Inclusion Now 45

Disability History Month

The language of disability

Richard Reiser

Schools and colleges should now be planning what they will do in this year’s Disability History Month (22nd November – 22nd December). 34% of disabled Year 9 students (compared to 26% of non-disabled students) experience bullying through name calling according to the Equality and Human Rights Commission and Government. Schools have statutory duties to eliminate bullying, and examining the roots of disablist and pejorative language is essential in creating a climate of disability equality in your school or college. We have worked with the Anti Bullying Alliance on a whole range of resources to enable teachers to challenge language-based disablist bullying.

Historically disablist language is common. In Shakespeare’s “Richard III”, Scene I, Act I, Richard’s first speech draws links between evil and disability.

“…Deformed, unfinish’d, sent before my time

Into this breathing world, scarce half made up,

And that so lamely and unfashionable

That dogs bark at me as I halt by them;”

Shakespeare drew on Sir Thomas Moore’s much earlier account of the Life and Death of Richard III which was written to curry favour with Henry VIII, whose father, Henry VII, had claimed the crown having killed Richard III in battle. Moore therefore embellished history, adding to both Richard’s disability and his evil deeds.

Throughout history, physical and mental differences have been described in language reflecting the thinking of the day, reinforcing powerful stereotypes which still influence ideas about disabled people. Lame today is used by young people to mean something that is good, a reversal of the meaning not smart or impressive. In Shakespeare’s time it meant both having an injured foot/leg, make walking difficult and not strong, good or effective. Overall the word is negative and not a good experience. Halt was a word in common use then, meaning the same as lame, as was cripple also meaning to move slowly, to be permanently injured or have no power. The polarity of good and evil/ beautiful and unsightly in language is found across all languages and is a major contributor to the devaluation of disabled people. Generally, disabled people of that period would have had families, worked and not been distinguished from the mass of people, unless severely impaired. Those not looked after by their community would have begged, though this became outlawed. So the impact of the play “Richard III” would have been dramatically strong. At a time when people generally believed in witchcraft and tangible forces of evil, it made a powerful link between disability and evil.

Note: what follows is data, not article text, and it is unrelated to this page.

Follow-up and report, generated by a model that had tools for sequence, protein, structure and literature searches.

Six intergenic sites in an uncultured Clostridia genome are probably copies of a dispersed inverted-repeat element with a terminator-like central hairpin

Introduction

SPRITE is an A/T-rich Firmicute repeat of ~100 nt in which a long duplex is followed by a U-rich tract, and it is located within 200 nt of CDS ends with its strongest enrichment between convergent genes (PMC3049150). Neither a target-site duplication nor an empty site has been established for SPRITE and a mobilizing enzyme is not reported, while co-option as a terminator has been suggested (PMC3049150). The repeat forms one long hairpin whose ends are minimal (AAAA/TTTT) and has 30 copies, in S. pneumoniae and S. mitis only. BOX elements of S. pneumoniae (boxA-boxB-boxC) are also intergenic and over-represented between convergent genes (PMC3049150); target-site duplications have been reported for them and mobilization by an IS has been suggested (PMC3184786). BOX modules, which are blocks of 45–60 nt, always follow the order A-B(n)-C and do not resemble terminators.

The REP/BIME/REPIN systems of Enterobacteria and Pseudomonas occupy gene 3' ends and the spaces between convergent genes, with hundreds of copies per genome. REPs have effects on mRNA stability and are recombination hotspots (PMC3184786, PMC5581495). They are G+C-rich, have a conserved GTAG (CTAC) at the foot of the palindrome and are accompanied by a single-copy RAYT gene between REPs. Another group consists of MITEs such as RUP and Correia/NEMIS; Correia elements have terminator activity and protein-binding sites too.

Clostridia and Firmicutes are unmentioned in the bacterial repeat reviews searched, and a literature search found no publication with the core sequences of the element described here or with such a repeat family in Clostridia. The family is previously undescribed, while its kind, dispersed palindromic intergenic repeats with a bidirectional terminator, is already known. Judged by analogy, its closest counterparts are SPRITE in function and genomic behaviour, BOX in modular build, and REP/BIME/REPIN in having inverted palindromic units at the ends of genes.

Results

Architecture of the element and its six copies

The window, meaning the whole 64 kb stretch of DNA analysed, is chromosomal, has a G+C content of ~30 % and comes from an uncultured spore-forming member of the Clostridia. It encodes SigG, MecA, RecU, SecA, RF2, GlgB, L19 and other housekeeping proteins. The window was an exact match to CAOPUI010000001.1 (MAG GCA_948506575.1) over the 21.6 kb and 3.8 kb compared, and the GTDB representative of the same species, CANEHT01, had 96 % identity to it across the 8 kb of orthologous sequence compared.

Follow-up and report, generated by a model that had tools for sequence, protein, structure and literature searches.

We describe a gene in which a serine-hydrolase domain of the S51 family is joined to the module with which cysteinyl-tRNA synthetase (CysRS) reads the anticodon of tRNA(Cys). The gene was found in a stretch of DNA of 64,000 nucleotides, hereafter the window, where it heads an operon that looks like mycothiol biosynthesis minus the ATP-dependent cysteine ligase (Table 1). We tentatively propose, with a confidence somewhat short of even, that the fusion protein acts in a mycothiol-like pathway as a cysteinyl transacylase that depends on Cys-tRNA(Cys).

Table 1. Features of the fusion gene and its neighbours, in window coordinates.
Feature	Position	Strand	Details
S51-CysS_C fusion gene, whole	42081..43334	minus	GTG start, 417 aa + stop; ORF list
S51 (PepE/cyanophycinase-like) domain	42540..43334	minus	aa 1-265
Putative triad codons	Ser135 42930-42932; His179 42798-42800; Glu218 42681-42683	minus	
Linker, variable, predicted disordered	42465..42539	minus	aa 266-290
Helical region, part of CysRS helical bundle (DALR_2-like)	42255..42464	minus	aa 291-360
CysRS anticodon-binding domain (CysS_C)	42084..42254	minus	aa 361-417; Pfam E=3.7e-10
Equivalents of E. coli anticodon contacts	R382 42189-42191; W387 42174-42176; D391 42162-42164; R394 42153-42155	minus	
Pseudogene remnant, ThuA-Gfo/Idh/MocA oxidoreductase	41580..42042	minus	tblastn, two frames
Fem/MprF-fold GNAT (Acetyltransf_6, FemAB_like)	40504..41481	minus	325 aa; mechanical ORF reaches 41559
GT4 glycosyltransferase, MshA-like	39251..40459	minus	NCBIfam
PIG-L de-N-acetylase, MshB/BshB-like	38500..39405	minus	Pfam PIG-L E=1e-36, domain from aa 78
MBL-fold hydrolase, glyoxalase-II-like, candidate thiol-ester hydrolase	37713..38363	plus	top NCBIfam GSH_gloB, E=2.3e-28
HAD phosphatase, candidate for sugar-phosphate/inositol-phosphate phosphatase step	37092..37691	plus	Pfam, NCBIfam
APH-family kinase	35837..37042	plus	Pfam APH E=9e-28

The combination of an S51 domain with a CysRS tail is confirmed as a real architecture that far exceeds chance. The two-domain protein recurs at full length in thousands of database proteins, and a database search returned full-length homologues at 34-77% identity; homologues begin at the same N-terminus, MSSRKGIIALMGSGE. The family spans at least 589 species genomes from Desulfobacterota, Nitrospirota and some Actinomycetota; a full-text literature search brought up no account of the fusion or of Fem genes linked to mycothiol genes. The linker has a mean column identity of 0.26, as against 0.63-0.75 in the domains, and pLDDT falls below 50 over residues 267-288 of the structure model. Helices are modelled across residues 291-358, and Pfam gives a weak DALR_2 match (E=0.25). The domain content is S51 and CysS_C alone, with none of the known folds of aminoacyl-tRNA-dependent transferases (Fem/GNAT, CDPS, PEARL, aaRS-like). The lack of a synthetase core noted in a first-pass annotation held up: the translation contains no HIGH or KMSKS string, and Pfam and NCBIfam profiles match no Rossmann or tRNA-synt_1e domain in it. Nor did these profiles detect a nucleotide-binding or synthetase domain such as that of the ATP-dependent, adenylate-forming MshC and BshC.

As part of this year’s UKDHM we have worked with the Open University and Access All Areas to produce a pack for schools around No Longer Shut Up, a film on the life of Mabel Cooper. Mabel was placed in a hospital for the ‘mentally deficient’ at the age of 4 and stayed there more than 30 years. When eventually released under care in the community, she became a major advocate for people with learning difficulties and a founder of People First. The pack has activities for students from KS2-5 in English, drama, history, science, geography and PHSE. Agitation by eugenicists led to the 1913 Act which licensed inhumane incarceration of “idiots”, “imbeciles”, “feeble-minded persons” and “moral imbeciles”, often for life. Some of these words, though unacceptable, are still in common use as harassing language, but most young people know nothing of this particularly nasty period of oppression. This year’s UKDHM gives us an excellent chance to challenge such ignorance and rejoin the struggle for disability equality. The pack will be launched in Parliament at 11am, 22nd November. UKDHM will launch that evening at 6pm at Kings Place, Kings Cross.